In November 2011, FellSwoop, the theatre company I am working with, were the first to present Toshiki Okada’s Five Days in March in the UK. Despite its tremendous success in Japan, Five Days in March needed thorough consideration when it came to presenting it to a foreign audience. Okada’s text makes several references to the so-called “love hotels”, “Hokuriku banks” and “Don Quixote’s bookstores”; familiar locations to Japanese audiences living in Tokyo, yet completely unknown to the British crowds we wanted to introduce this text to. Beyond the first alien references to where the play is set, we needed to find a form of staging by which our audience could feel “part-of” the world described by Okada: if the text had the potential to keep our audiences at bay in the first few minutes of the play, the chosen theatrical form had to try and draw them back in. The thread of the classic romantic comedy was chosen for this sole reason: the simplicity of its aesthetic constituted a familiar enough support so our audience could fix their attention on the text and what was at stake in the play.
Looking back on it, I notice the great implications of this cultural interpretational work. Although the text remained practically unchanged, the form told our audience about the content of Okada’s play and vice versa. What our audience might have perceived to be a coherent vision of what Japanese contemporary theatre culture might be like as a whole was a lure mixing different cultural influences; a “japonaiserie” (a French term to designate an ornate style of Western art that employs Japanese motifs).
Any textual interpretation in theatre goes through the filter of the cultural background in which the play is performed: what I know, what I see in my everyday life, will undeniably shape the way I understand or stage the play I have decided to work on. An Italian staging of Ibsen’s A Doll’s House will differ from its Spanish counterpart. The director working on the play may well claim the contrary – “We remained extremely faithful to the original text” – but he will have put his cultural and individualistic stamp on the Norwegian playwright. The German-based theatre director Thomas Ostermeier’s spin on Hamlet at the London Barbican in 2011 was a great and jubilatory “shambles”: the distance between the two countries and their theatrical traditions allowed the German director to take greater freedom on the English “sacred” text. Although problematic to some Shakespearean purists, Ostermeier’s production lived on and did not present any particular ethical or emotional argument.
However, whenever theatre borrows from another traditional theatrical form, people’s stance is to denounce the cultural travesty the director has concocted. Ariane Mnouchkine faced this difficult cultural dilemma when she decided to make use of the Japanese Kabuki theatrical tradition to stage Shakespeare’s Richard II at the Festival d’Avignon in 1982. Mnouchkine was criticized for not fully understanding the implication of Japanese Kabuki theatre. Her theatre company being based in France, Mnouchkine’s act of borrowing from an Eastern culture was deemed irresponsible in the light of three hundred years of colonialism.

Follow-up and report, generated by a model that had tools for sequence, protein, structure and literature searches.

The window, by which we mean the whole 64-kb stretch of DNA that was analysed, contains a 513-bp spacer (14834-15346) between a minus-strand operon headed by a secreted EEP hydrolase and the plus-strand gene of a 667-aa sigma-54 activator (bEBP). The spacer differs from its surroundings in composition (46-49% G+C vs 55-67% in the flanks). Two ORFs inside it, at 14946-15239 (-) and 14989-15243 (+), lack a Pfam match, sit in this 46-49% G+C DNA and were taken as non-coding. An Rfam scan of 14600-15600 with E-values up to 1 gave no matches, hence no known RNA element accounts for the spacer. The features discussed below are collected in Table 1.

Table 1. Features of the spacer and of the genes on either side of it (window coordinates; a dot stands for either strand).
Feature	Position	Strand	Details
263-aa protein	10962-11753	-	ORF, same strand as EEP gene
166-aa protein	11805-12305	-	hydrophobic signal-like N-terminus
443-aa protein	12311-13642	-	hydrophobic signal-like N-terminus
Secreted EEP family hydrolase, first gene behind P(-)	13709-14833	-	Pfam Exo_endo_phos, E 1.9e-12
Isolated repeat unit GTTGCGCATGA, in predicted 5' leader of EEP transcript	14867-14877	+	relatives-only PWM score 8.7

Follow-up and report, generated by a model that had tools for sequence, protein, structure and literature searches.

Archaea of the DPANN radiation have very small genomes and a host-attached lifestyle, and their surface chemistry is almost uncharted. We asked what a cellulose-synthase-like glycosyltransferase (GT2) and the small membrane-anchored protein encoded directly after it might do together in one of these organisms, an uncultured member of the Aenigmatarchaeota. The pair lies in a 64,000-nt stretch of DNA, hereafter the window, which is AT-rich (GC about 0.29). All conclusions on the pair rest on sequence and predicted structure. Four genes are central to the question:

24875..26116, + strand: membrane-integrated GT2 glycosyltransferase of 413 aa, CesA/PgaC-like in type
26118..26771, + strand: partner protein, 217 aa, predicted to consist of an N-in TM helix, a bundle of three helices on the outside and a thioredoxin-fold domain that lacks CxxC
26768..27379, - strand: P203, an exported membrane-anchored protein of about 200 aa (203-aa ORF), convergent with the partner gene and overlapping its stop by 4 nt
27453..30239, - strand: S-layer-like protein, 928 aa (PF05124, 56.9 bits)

Thirty years later, such questions about cultural hegemony and the responsibility of the artist who borrows remain.
This year’s trend at Festival/Tokyo 2013 is to convoke external influences or stories in the hope of finding new ways to represent 3.11 on stage; this is the case with Shu Matsui’s play The Long Field Trip, and also for Akio Miyazawa and Tsuyoshi Ozawa’s two adaptations of Prolog?, both taking on the Austrian playwright Elfriede Jelinek’s text written directly after Fukushima disaster. In Matsui’s piece, Oedipus Rex is completely adapted and transposed from its cultural Greek origin; the characters in The Long Field Trip are no gods or heroes, just a troubled Japanese family trying to overcome a series of existential crises. The Long Field Trip and his original take on Sophocles’ Oedipus Rex proves the important need for artists to be reinvigorated by outside cultures. Matsui uses the story of Oedipus and gives it a whole new meaning, helping him to deliver his own personal intended meaning to the piece he has created. The myth is altered and transformed to fit the particular contemporary context during which the piece is first performed, the troubled years following the explosion of the nuclear plant. What Matsui has found in this Western classic is the hope for catharsis, an emotional purge; and we ourselves leave the auditorium with a sense of feeling lighter than when we first entered.